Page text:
State v. Hernandez

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Justia Opinion Summary

The Supreme Court vacated the opinion of the court of appeals reversing Defendant's conviction on the basis that the trial court abused its discretion by refusing to give a Willits instruction under the circumstances of this case, holding that law enforcement's failure to collect putative fingerprint and DNA evidence did not warrant a Willits instruction.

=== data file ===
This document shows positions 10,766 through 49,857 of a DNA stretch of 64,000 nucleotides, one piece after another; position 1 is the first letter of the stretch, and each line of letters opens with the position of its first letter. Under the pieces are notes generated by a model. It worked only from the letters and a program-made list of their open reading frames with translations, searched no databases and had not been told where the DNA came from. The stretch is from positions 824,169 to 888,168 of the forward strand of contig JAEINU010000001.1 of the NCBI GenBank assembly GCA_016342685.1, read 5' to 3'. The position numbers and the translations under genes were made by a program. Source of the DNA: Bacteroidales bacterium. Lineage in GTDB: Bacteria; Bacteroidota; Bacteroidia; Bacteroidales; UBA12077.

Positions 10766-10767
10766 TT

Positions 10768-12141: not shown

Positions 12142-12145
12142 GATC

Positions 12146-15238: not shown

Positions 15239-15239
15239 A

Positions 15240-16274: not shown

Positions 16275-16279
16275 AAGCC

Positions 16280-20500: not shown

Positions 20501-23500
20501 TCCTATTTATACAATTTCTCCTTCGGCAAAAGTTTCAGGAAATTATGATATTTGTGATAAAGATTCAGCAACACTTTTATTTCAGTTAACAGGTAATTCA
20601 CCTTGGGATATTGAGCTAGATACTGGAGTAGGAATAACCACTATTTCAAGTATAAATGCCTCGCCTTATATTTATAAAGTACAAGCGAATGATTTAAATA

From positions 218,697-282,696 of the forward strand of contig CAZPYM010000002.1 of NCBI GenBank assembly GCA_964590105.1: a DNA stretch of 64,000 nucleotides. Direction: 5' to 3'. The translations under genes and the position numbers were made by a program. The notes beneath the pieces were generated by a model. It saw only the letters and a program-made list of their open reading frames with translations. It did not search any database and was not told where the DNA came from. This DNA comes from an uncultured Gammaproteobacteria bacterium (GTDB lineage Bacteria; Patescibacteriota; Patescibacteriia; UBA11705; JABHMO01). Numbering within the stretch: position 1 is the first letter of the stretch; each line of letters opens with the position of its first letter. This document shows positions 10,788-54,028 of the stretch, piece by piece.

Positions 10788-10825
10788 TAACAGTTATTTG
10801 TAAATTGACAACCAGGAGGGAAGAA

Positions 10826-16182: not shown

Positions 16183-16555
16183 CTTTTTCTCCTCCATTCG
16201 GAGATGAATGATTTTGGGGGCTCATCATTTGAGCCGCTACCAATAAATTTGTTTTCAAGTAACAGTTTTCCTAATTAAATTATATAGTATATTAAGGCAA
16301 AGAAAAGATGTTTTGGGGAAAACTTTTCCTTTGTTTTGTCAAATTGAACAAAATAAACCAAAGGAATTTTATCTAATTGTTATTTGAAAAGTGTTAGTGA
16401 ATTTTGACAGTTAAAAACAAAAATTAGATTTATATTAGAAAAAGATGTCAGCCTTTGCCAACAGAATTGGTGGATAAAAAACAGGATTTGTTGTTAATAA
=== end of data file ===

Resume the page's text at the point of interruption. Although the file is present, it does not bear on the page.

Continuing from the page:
Defendant was charged with one count of fleeing from a law enforcement vehicle. Before trial, Defendant requested a Willits instruction, arguing that the State's failure to collect DNA and fingerprint evidence from the vehicle he had allegedly been driving deprived him of a fair trial. The trial court denied the request, and the jury found Defendant guilty. The court of appeals reversed, concluding that Defendant was entitled to a Willits instruction. The Supreme Court vacated the court of appeals' opinion and affirmed Defendant's conviction, holding that the State's failure to gather every conceivable piece of physical evidence in this case did not require a Willits instruction.